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Cornea. 2009 Sep;28(8):839-42. doi: 10.1097/ICO.0b013e31819711cf.

Allergic conjunctivitis and latent infections.

Author information

1
Eye Department, University Federico II, Naples, Italy. raifor@hotmail.com

Abstract

PURPOSE:

The purpose of this study was to evaluate in a large series the incidence of latent infection during chronic allergic conjunctivitis.

METHODS:

In a 5-year follow-up prospective, nonrandomized trial, we evaluated 236 patients (472 eyes) with a history of allergic conjunctivitis but without evidence of infection. Conjunctival scrapings were examined cytologically, and antibiograms and antimicrograms were assessed. The 472 eyes were divided into 5 subgroups based on the percent of eosinophilic cells in conjunctival specimens.

RESULTS:

Latent concurrent infection was identified in 176 of 472 eyes (37%): Candida albicans (55.2%), Staphylococcus epidermidis (50.9%), Chlamydia trachomatis (30.7%), and Staphylococcus aureus (23%). The incidence of concurrent infection (mainly bacterial infection) strongly correlated with the percent of eosinophilic cells. Concurrent bacterial infection was identified in 26 of 26 cases of the subgroup with the highest percent of eosinophilic cells.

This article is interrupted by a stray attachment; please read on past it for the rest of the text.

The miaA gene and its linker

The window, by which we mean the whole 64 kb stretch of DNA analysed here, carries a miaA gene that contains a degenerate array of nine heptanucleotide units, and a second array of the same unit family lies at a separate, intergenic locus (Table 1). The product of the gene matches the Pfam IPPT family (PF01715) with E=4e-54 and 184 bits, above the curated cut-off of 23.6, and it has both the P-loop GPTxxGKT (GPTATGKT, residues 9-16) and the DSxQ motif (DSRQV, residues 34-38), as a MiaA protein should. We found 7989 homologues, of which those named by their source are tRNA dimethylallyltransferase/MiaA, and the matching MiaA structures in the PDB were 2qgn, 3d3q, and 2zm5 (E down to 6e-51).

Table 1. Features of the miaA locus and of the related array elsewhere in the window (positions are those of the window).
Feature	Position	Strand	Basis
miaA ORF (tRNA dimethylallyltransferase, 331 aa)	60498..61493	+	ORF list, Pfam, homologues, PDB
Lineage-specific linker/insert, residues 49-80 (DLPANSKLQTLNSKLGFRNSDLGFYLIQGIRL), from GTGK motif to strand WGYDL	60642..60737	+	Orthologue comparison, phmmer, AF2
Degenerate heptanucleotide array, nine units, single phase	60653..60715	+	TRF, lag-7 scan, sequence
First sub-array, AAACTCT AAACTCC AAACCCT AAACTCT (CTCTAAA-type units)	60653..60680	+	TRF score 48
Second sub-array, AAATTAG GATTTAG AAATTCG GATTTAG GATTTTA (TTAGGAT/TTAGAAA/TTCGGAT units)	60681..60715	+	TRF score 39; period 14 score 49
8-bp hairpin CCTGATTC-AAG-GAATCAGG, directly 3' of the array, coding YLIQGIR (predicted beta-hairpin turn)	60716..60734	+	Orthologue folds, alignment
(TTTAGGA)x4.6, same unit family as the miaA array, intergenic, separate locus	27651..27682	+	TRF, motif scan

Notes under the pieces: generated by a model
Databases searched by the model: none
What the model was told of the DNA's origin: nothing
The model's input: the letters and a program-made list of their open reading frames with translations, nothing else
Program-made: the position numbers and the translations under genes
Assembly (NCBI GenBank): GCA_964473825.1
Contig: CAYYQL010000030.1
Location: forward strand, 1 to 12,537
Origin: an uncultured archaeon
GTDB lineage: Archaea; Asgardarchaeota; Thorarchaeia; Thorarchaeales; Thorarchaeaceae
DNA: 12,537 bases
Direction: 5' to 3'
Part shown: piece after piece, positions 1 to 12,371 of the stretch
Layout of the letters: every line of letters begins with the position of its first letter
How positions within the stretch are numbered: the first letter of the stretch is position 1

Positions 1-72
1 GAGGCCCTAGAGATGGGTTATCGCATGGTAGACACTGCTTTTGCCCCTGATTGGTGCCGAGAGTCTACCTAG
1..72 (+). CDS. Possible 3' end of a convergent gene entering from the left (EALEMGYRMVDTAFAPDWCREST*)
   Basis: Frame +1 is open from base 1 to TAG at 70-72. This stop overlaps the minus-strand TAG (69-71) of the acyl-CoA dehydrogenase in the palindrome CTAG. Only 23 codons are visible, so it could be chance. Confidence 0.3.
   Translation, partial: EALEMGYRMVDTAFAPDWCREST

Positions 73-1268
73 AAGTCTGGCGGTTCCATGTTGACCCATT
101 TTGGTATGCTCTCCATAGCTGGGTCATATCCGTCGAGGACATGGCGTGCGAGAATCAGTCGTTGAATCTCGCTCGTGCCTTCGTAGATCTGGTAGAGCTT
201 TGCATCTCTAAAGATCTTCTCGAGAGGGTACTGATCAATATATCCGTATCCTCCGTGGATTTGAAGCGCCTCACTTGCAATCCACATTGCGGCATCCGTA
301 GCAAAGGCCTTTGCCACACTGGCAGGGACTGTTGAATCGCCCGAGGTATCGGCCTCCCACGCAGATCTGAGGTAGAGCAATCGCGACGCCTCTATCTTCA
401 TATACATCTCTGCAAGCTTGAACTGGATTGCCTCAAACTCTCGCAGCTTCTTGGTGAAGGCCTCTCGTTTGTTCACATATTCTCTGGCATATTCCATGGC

CONCLUSION:

Chronic allergic conjunctivitis may be associated with latent infection. Pathogens can stimulate activation of eosinophils with a consequent worsening and chronicity of allergic symptoms.

PMID:
19654537
DOI:
10.1097/ICO.0b013e31819711cf
[Indexed for MEDLINE]

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